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First Person / Petra Brando

Understanding Her Sister's Mental Illness

August 02, 1999|PETRA BRANDO

"Cursing at the Sun," a documentary on mental illness by Petra Brando, an attorney who graduated last year from USC Law School, will be screened Thursday in the Los Angeles City Council Chambers for city leaders, mental health workers and organizations that provide care. The documentary is scheduled to air simultaneously on Channel 35, the city's cable channel outlet, at 1 p.m. In this column, Brando, 27, the daughter of actor Marlon Brando, describes her journey to understand and document mental illness.


When I heard that my sister, Cheyenne, had been diagnosed with schizophrenia, I hardly knew what the word meant. Until then, I had never known anyone who suffered from a mental illness. As she struggled with her illness, I struggled to understand what the future had in store for a person I had loved and admired for as long as I could remember.

My sister was among the 2 1/2 million people in the United States who have schizophrenia, an illness with no real cure that is also badly misunderstood by the public. Psychotropic drugs may suppress the symptoms, but they are far from perfect. Their side effects can be so unpleasant that some patients find them almost as unbearable as the illness itself. My sister was one of those, regularly going on and off her medication.

For every sufferer of mental illness, there is another set of victims. Family members and close friends try desperately to help, wanting to provide the best treatment, whatever the cost. Some watch mental illness drive their loved ones out of their homes and onto the street, or into the killing embrace of drugs or alcohol.

I felt helpless dealing with my sister's illness. As she slowly withdrew, I struggled to maintain the bond we had always shared. A feeling of alienation set in when I began to understand that the dark journey through mental illness is an individual one that I could not enter or share and that she must travel alone.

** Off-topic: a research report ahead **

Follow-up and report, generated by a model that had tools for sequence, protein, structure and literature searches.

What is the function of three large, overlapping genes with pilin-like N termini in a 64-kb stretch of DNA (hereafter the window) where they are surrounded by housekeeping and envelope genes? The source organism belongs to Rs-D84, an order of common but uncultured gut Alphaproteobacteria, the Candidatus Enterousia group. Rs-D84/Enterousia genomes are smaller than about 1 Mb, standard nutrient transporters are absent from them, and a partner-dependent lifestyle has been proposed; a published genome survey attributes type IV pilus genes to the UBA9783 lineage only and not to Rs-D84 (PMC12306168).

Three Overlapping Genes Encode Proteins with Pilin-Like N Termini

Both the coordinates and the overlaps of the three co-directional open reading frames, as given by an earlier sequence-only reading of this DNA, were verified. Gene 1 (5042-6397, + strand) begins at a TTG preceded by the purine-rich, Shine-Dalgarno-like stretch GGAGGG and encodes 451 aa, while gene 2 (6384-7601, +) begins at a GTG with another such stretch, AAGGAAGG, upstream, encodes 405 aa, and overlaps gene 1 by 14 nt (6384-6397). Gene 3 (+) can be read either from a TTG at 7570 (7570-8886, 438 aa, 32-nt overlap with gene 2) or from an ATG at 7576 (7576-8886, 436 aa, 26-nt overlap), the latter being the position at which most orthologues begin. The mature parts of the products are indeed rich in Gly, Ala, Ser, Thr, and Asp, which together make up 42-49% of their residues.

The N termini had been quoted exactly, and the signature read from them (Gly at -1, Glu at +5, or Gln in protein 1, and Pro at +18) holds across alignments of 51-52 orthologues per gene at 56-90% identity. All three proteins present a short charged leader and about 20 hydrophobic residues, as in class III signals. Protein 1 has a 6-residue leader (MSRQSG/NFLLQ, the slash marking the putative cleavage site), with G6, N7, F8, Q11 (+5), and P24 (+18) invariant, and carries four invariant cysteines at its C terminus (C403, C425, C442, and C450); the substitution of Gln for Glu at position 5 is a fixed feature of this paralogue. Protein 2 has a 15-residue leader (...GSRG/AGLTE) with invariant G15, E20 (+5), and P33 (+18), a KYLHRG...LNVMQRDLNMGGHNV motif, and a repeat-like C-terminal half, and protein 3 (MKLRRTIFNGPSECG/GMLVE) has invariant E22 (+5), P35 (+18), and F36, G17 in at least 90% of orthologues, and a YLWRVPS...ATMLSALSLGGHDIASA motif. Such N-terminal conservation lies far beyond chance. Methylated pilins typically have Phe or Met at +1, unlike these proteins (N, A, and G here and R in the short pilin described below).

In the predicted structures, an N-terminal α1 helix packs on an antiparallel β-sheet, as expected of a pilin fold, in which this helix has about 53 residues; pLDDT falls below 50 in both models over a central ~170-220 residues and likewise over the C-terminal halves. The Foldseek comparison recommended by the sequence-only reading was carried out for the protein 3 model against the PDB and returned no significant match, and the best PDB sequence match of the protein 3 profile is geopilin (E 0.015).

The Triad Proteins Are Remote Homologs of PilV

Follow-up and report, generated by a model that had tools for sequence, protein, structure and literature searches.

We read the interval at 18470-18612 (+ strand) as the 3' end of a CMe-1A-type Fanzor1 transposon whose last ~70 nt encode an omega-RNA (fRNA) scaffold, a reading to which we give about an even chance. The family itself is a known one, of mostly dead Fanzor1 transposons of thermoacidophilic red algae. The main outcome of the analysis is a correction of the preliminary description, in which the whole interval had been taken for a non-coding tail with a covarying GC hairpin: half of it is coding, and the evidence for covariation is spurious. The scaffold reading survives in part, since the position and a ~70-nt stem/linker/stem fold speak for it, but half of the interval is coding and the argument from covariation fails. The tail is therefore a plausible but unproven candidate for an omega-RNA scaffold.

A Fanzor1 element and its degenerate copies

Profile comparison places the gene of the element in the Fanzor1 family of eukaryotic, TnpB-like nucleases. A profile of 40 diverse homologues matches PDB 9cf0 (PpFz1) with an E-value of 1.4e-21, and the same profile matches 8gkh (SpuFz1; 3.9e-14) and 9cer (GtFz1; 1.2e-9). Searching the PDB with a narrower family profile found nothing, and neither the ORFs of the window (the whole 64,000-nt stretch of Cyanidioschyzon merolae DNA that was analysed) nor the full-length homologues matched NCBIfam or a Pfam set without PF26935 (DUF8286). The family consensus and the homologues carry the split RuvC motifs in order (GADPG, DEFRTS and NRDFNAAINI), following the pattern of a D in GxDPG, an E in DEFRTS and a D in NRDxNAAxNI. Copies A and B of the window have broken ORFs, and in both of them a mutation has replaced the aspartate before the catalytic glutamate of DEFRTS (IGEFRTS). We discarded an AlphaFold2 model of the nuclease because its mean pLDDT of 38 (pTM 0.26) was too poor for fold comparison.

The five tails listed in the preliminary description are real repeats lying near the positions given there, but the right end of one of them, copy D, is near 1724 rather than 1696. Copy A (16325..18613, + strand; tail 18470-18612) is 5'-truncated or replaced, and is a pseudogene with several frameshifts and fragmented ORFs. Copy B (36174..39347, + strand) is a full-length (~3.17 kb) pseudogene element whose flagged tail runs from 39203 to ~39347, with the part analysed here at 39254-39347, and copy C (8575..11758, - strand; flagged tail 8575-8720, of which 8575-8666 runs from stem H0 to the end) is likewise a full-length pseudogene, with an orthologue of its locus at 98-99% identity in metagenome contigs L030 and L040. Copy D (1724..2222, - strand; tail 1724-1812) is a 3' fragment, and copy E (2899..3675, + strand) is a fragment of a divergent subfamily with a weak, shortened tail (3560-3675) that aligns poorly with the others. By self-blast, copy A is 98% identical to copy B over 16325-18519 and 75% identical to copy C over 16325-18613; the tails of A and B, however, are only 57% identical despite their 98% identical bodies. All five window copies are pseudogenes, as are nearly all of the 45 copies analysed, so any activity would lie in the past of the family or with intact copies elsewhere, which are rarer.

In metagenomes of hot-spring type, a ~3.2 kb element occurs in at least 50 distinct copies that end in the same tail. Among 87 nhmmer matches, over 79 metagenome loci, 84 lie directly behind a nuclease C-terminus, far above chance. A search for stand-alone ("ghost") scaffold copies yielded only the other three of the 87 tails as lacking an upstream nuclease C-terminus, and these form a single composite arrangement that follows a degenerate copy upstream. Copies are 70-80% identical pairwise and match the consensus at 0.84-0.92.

In 1996, I enrolled at the USC Law School, where my favorite course became mental health law. My professor, Elyn Saks, took us through the history of de-institutionalization, the reform movement inspired by abuses in mental hospitals. The reformers sought to replace institutions with a network of community centers offering more humane care closer to patients' homes. In 1963, President Kennedy signed a bill calling for 2,000 such community clinics. Only 740 ever opened.

We also studied the 1969 Lanterman-Petris-Short Act, a California law that permits the state to force treatment on the mentally ill only when they can be deemed dangerous to themselves or to others, or are gravely disabled.

Indeed, this issue of forced institutionalization is still one of the most gut-wrenching issues facing families and advocates for the mentally ill.

Our class was about evenly split on the subject of involuntary treatment. Some students embraced civil rights. Some advocated early intervention to prevent the necessity for more severe action later. Others argued that public safety was paramount. Many cared exclusively about the patient's best interest.

I was undecided. I valued civil rights, but I recognized that early intervention was the best course. Was the only choice between two sets of indignities life on the streets or life in institutions?

I wanted to find a solution that appeased these competing views. So I approached Saks with a proposal: As a final exam, I would make a documentary about these issues. She agreed. Two of my childhood friends, siblings Jennifer and Michael Carroll, who had expertise in filmmaking, signed on to direct the project.

In two years of research and filming, we found that the failure to construct community facilities in the wake of de-institutionalization has turned many of our nation's hospital emergency rooms into de facto revolving-door mental health hospitals, where seriously ill people are simply stabilized and released. With no follow-up services for monitoring or maintaining care, many untreated mentally ill people end up in the prison system. The Justice Department recently reported that more than 15% of the inmates in the nation's jails and prisons have some form of mental illness.

In any given year, 5 million Americans suffer from serious brain disorders. But that statistic has no meaning until we see the many faces of mental illness. In the documentary, we interviewed several homeless people, of course, but also an actress, an outreach worker and a naval officer.

Each experience was different, and not everyone agreed on whether they would want the state to intervene during a psychotic episode. Still, our subjects agreed on the need to end the stigma surrounding mental illness. And all felt profoundly how few treatment options were given them.

One clear message emerged: While treatment should be voluntary, providers cannot just wait for patients to walk in. They must get the word out to patients and meet them face to face in their communities.

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